New Air Force One to take flight, Pentagon announces

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New Air Force One to take flight, Pentagon announces
The next plane set to carry a U.S. president will be a Boeing 747-8, a four-engine, wide-body aircraft built in Washington state.
US President Barack Obama (L) waves as he and First Lady Michelle Obama board Air Force One prior to departing from Air Force Station Palam in New Delhi on January 27, 2015. President Barack Obama said the United States could be India's 'best partner' January 27 as he wrapped up a three-day visit to New Delhi by highlighting the shared values of the world's biggest democracies. AFP PHOTO / PRAKASH SINGH (Photo credit should read PRAKASH SINGH/AFP/Getty Images)
Air Force One Presidential air transport a specially converted Boeing 747 called a VC-25A.
The first presidential jet "Air Force One", Airpark, The Museum of Flight, Seattle, Washington, USA
President Barack Obama jokes with Ben Rhodes, Deputy National Security Advisor for Strategic Communication, aboard Air Force One
President Barack Obama wears a AF1 jacket on his first flight aboard Air Force One from Andrews Air Force Base
The US embassy defence attache salutes as the Air Force One aircraft prepares to taxi with US President Barack Obama and his wife Michelle Obama on board at Palam Air Force station in the Indian capital New Delhi on January 27, 2015. President Barack Obama said the United States could be India's 'best partner' January 27 as he wrapped up a three-day visit to New Delhi by highlighting the shared values of the world's biggest democracies. AFP PHOTO / PRAKASH SINGH (Photo credit should read PRAKASH SINGH/AFP/Getty Images)
Air Force One landing
The shadow of Air Force One with President Barack Obama and first lady Michelle Obama, aboard is seen on approach to King Khalid International Airport, in Riyadh, Saudi Arabia, Tuesday, Jan. 27, 2015. The president will meet with the new Saudi King, Salman bin Abdul Aziz to expresses his condolences on the death of the late Saudi Arabian King Abdullah bin Abdulaziz al-Saud. (AP Photo/Carolyn Kaster)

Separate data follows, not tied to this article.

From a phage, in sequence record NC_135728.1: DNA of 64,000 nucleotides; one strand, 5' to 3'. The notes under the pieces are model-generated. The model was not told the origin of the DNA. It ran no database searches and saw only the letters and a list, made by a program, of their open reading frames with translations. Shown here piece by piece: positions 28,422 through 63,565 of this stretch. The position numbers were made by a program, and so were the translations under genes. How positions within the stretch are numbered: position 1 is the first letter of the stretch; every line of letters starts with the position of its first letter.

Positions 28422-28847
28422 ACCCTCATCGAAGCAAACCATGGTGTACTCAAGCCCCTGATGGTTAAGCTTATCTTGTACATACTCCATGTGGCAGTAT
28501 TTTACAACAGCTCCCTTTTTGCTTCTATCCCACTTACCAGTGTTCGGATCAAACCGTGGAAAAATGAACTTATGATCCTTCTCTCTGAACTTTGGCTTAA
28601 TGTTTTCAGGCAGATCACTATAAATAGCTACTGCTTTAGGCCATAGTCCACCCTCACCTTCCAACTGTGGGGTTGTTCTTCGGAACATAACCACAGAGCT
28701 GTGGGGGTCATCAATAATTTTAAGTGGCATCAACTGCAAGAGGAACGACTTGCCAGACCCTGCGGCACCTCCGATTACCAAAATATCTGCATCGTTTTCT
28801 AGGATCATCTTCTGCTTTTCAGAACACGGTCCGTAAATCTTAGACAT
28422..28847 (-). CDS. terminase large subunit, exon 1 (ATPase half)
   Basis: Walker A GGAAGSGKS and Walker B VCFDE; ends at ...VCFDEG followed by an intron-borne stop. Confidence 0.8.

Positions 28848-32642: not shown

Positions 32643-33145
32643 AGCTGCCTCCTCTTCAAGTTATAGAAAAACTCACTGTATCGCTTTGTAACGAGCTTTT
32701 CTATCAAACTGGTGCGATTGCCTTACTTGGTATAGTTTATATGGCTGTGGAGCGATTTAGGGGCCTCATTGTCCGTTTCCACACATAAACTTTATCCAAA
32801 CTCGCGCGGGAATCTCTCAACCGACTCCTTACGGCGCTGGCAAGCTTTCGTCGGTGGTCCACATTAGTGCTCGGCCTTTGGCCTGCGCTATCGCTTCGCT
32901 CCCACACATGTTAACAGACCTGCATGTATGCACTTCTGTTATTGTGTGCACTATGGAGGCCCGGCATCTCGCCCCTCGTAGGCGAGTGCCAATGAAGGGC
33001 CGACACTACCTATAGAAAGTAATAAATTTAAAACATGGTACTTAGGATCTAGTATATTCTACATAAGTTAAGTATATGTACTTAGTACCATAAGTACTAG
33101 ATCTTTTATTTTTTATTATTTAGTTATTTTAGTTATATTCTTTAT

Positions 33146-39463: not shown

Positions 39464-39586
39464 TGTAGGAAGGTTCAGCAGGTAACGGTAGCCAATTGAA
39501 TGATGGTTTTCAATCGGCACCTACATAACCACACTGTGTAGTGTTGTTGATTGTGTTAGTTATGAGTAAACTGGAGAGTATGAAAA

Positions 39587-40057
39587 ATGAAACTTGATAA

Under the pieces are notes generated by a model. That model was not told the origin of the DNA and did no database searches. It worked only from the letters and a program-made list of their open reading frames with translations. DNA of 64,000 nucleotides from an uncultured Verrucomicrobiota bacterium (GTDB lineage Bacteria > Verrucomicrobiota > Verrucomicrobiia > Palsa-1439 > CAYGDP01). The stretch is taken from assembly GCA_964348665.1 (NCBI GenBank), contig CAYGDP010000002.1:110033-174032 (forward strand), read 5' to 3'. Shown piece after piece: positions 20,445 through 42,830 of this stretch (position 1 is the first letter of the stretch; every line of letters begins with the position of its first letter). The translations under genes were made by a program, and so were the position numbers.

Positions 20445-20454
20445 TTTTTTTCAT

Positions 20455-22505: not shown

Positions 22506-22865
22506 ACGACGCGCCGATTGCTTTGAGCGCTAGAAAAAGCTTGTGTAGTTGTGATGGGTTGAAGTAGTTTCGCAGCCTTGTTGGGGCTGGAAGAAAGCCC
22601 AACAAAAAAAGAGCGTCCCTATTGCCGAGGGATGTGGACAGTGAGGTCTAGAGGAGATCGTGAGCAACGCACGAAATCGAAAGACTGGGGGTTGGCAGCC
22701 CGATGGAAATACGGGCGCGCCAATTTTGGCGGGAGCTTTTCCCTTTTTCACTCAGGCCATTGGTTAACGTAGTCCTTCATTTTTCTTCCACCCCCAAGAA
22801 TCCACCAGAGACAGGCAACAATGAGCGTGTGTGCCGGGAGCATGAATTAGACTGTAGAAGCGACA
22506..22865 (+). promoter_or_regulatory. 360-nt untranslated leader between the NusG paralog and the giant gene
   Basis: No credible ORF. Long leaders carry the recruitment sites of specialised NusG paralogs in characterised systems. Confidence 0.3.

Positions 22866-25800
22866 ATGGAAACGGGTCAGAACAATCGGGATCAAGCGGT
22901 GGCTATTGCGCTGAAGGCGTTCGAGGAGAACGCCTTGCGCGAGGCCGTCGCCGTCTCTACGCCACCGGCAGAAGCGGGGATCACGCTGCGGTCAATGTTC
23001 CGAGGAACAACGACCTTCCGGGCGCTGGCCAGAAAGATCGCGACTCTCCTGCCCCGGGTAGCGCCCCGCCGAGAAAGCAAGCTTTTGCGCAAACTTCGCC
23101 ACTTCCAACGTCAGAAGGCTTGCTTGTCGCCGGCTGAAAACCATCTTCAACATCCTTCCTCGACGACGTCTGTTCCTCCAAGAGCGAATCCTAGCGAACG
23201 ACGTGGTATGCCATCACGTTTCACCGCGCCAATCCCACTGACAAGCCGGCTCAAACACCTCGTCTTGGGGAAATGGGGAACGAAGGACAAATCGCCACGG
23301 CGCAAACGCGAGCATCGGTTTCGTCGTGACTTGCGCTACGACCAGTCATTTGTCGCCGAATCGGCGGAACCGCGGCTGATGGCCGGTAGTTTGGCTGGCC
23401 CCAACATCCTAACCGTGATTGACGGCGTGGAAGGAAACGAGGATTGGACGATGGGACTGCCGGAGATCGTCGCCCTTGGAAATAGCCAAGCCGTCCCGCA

U.S. President Barack Obama, accompanied by first lady Michelle Obama, waves as they board Air Force One at Air Force Station Palam in Palam, India, Tuesday, Jan. 27, 2015, en route to Riyadh, Saudi Arabia, where the president will meet with King Salman. (AP Photo/Carolyn Kaster)
A view of Air Force One while it sits on the flight line at Forbes Field in Topeka, Kan., Thursday, Jan. 22, 2015. (AP Photo/Orlin Wagner)
The Presidential Seal is seen on Air Force One as it stands on the flight line at Forbes Field in Topeka, Kan., Thursday, Jan. 22, 2015. (AP Photo/Orlin Wagner)
A view of Air Force One while it sits on the flight line at Forbes Field in Topeka, Kan., Thursday, Jan. 22, 2015. (AP Photo/Orlin Wagner)
President Barack Obama steps from Air Force One, Thursday, Jan. 22, 2015, at Andrews Air Force Base, Md., as he returned from speaking at the University of Kansas about the themes in his State of the Union address. (AP Photo/Carolyn Kaster)
President Barack Obama waves as he boards Air Force One at Forbes Field in Topeka, Kan., Thursday, Jan. 22, 2015. (AP Photo/Orlin Wagner)
A pilot looks out of Air Force One before departing from Forbes Field in Topeka, Kan., Thursday, Jan. 22, 2015. (AP Photo/Orlin Wagner)
Air Force One departs Forbes Field in Topeka, Kan., Thursday, Jan. 22, 2015. (AP Photo/Orlin Wagner)
The shadow of Air Force One with President Barack Obama and first lady Michelle Obama, aboard is seen on arrival at King Khalid International Airport, in Riyadh, Saudi Arabia, Tuesday, Jan. 27, 2015. The president will meet with the new Saudi King, Salman bin Abdul Aziz to expresses his condolences on the death of the late Saudi Arabian King Abdullah bin Abdulaziz al-Saud. (AP Photo/Carolyn Kaster)
Air Force One Presidential air transport flies over Mt Rushmore
US President Barack Obama boards Air Force One prior to departing Boise Airport in Boise, Idaho, January 21, 2015. Obama is traveling on a 2-day, 2-state trip to Idaho and Kansas following his State of the Union address. AFP PHOTO / SAUL LOEB (Photo credit should read SAUL LOEB/AFP/Getty Images)